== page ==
When working with flexible feeders, vision systems, and robots in a single application, one issue that many systems integrators and end users alike often struggle with is interfacing the three separate technologies.
This is according to Epson Robots (Carson, CA, USA; www.epson.com/robots), a company that builds robots primarily for assembly applications and is often tasked with developing robotic systems involving parts for assembly that need to be fed. Over the past five years or so, the company has seen an increase in the number of customers reaching out with problems dealing with the interfacing of flexible feeders, machine vision, and robots.
“Our application team spent a lot of time helping customers with problems unrelated to our robots, but ultimately when there is a system problem, we want to help get their system running,” says Rick Brookshire, Director of Product Development, Epson Robots.
Communication between the devices was the main problem for many of Epson’s customers. Feeders have a command set anywhere from 10 to 40 actions that can be issued to the device. Ethernet or RS-232 communications stream the data containing the commands, explains Brookshire.
“Some of the things that can happen involve the device responding back too quickly, not recognizing the correct string, and these types of hiccups all occur before work on the actual application begins,” he says. “We could have stopped here and built a communications interface, but what we found in talking with customers is that—after getting over the communications issue—many customers had developed code such that it was very serial and step-by-step in the way it operated, instead of doing things in parallel.”
He continues, “We would then help them with synchronizing things better, but the more we looked at these problems, the more we thought we could develop a system that handled such tasks for the end user. They would have to write hundreds or thousands of lines of code, but now most of it would be handled for them automatically.”
As a result, Epson developed the IntelliFlex Parts Feeding System, which combines robotics, machine vision, and a flexible feeding system into one software environment. The system is based off either an Epson 6-Axis or SCARA robot for the picking of singulated parts. Epson’s Vision Guide, and a flexible feeder from Asyril (Villaz-St-Pierre, Switzerland; www.asyril.com) supports parts from 5 to 40 mm in size.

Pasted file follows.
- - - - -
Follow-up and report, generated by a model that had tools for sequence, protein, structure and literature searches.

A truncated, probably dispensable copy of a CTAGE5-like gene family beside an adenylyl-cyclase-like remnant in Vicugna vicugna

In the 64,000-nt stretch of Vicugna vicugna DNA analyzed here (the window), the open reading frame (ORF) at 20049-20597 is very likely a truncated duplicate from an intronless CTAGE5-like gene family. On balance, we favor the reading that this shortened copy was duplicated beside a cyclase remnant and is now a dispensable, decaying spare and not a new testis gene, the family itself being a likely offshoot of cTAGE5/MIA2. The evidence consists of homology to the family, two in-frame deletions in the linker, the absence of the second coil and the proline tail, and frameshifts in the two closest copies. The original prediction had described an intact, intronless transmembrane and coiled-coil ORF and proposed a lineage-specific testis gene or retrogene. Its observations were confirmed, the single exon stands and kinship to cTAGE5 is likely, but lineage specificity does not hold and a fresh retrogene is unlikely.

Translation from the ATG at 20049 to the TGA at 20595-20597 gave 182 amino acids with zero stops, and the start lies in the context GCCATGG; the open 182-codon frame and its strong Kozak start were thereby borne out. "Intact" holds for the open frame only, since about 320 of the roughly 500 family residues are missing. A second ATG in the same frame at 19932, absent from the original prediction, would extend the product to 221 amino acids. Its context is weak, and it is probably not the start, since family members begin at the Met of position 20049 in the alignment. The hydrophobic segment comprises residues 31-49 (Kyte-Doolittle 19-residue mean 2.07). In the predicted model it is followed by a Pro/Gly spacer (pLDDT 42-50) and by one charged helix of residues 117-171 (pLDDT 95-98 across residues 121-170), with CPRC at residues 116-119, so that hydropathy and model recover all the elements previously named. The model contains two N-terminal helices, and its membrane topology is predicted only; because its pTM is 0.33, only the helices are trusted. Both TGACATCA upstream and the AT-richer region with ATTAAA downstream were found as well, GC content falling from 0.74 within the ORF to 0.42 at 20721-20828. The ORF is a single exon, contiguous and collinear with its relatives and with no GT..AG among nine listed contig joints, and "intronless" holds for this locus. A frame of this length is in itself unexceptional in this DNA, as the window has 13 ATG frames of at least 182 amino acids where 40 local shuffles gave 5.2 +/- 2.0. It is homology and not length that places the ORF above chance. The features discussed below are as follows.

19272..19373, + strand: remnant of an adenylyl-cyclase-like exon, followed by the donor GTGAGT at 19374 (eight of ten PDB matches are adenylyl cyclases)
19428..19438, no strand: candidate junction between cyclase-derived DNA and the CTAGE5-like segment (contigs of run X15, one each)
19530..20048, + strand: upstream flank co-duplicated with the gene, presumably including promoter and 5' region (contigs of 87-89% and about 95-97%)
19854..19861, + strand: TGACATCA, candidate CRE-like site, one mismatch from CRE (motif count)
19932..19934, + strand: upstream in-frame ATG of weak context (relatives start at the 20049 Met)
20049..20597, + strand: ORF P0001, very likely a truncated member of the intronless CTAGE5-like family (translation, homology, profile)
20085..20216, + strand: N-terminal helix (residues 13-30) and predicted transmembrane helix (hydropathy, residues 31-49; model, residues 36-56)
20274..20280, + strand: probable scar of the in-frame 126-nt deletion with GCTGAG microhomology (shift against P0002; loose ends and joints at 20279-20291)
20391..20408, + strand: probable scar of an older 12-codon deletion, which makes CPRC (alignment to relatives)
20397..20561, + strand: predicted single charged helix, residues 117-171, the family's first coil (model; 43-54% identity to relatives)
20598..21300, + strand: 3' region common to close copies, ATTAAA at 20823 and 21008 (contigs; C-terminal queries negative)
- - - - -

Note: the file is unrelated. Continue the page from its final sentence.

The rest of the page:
Despite having its own internally-developed flexible feeder, Epson looked at all options and ultimately decided that the best-in-class option for customers was a flexible feeder from Asyril.
“We felt the best feeder option was from Asyril because these systems can move the parts in a more uniform way versus most of the other feeders,” says Brookshire. “We felt like if we integrated our vision system with the feeder, we would be able to do a lot of the work for the end users and prevent them from writing a significant amount of code.”
Epson’s Vision Guide system is based off several GigE camera options from Basler (Ahrensburg, Germany; www.baslerweb.com) lenses from Computar (Cary, NC, USA; www.computar.com), and a high-flex cable designed by an outside vendor specifically for Epson.
The Vision Guide also features Epson’s CV2 controller, which enables the system to connect to four GigE cameras and two USB cameras and offers powerful CPUs for vision processing.
“Epson has worked with Basler for a long time, and we specifically support Basler cameras because we know the results will be good,” says Brookshire. “In doing so, we want to ensure that when our customers go to implement their system, they will have the best robot, best feeder, and best vision system. Part of that vision system, of course, means acquiring the best possible images.”
Another task completed by the system automatically is the tuning process. Parts are dropped onto a feeder and the vision system and feeder work together to determine the right tuning for those particular parts. Previously, parameters were set manually, which took time and manual effort, says Brookshire.
“The software makes it easier to put flexible feeder applications together, but operators still need to work with the vision system to find parts properly, deal with potential lighting issues, and put in a few lines of code to direct the robot where to place the individual parts,” he says. “But overall, the integration of all these components together is handled automatically through the IntelliFlex software, which helps avoid some of the issues we’ve encountered with customers over the years,” says Brookshire.
Additionally, one thing Epson Robots always does is to ask its customers to send sample parts ahead of time for testing. Engineers then look at the parts, put them on the feeder, and make sure they can move and singulate, make sure they can be found and distinguished by the vision system, and make sure the robot can pick the singulated parts, says Brookshire.
“For example,” says Brookshire, “any time there are parts that get easily tangled together via hooks, clasps, or springs, it is very difficult to separate these out. This is a big challenge and is part of the reason we want to look at everyone’s parts first, to set them up for success.”